TV to Paper: How I Became a Writer
I stumbled into writing. It wasn’t my intent as I prepared for my career. I was going to be a serious TV reporter, perhaps someday even an evening news anchor. In college I took all the required mass communication classes. I learned to prepare broadcast scripts and to present them on camera. I spent hours in editing bays rewinding tape over and over. When it was time for my internship I landed at Cherokee County’s Adelphia Channel 4. It was a small station where the four reporters did their own camera work and editing and the only anchor wore the same blazer for every nightly broadcast. My 20 year old self found it all incredibly glamorous and I was ecstatic to be there.
But I wasn’t enamored for very long. I remember precisely the moment I realized I was not meant to be a TV reporter. I was standing in a private driveway taking in the wreckage of a house fire as I set up the camera. The family was gathered at the front of what was left of their home, obviously uncomfortable with the media’s presence. Some were crying and we were kindly asked to leave. I was told by my supervisor to pack up the camera, walk across the small neighborhood street, and to set the camera back up on public property.
Then and there I knew I would not be what I had set out to be. I would not be the intrusive stranger shoving a mic in a grieving person’s face, desperate for a sound bite. I abandoned my plan four years in the making and began to apply for writing positions using my Intro to Journalism coursework as my writing clips. I landed my fresh-out-of-college job at a trade publication covering rehabilitation and health care. My first assignment was a piece on back pain. I sat at my small cubicle and trembled as I transcribed my interviews and tried to plan out the structure of the article. I was terrified that my boss and brand new colleagues were going to catch on any moment that I had no idea what I was doing. Instead, the story went to print and I was assigned another one. And another one. And then a cover story. And before long I was promoted. I ended my 12 years at that job as an online editor. Apparently, I did know what I was doing.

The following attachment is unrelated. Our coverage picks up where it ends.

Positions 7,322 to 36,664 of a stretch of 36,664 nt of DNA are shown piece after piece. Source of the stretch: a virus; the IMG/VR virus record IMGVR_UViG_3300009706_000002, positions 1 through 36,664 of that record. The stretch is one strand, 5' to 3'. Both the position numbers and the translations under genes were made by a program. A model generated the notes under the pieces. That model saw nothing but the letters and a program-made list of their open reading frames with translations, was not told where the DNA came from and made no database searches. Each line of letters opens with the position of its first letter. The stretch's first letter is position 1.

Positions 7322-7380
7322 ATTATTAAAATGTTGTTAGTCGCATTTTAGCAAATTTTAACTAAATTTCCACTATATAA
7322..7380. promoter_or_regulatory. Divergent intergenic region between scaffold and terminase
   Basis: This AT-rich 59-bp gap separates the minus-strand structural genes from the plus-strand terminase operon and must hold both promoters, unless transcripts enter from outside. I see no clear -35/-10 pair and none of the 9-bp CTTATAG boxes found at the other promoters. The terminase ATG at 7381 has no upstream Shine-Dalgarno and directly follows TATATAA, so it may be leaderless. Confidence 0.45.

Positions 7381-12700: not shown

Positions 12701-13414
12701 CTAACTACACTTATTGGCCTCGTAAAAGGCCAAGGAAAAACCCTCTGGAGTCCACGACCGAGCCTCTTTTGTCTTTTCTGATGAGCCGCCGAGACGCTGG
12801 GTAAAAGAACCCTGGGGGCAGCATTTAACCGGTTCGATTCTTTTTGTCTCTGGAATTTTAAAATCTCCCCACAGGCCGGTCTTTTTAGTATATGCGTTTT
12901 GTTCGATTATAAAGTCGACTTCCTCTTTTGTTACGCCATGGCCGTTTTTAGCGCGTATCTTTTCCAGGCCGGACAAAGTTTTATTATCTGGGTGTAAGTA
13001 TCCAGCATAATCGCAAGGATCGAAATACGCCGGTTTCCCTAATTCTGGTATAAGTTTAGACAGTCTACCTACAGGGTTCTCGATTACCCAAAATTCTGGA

Today, when I am discouraged and wonder how the heck I ended up where I am, I remind myself that I know exactly what I am doing and that I was led to this place—this profession—for a reason. I haven’t written “my one great piece” yet. Maybe I never will. But I have written hundreds of stories that have touched someone, somewhere. Because it is impossible to write without it meaning something to someone…even if it’s just the writer herself.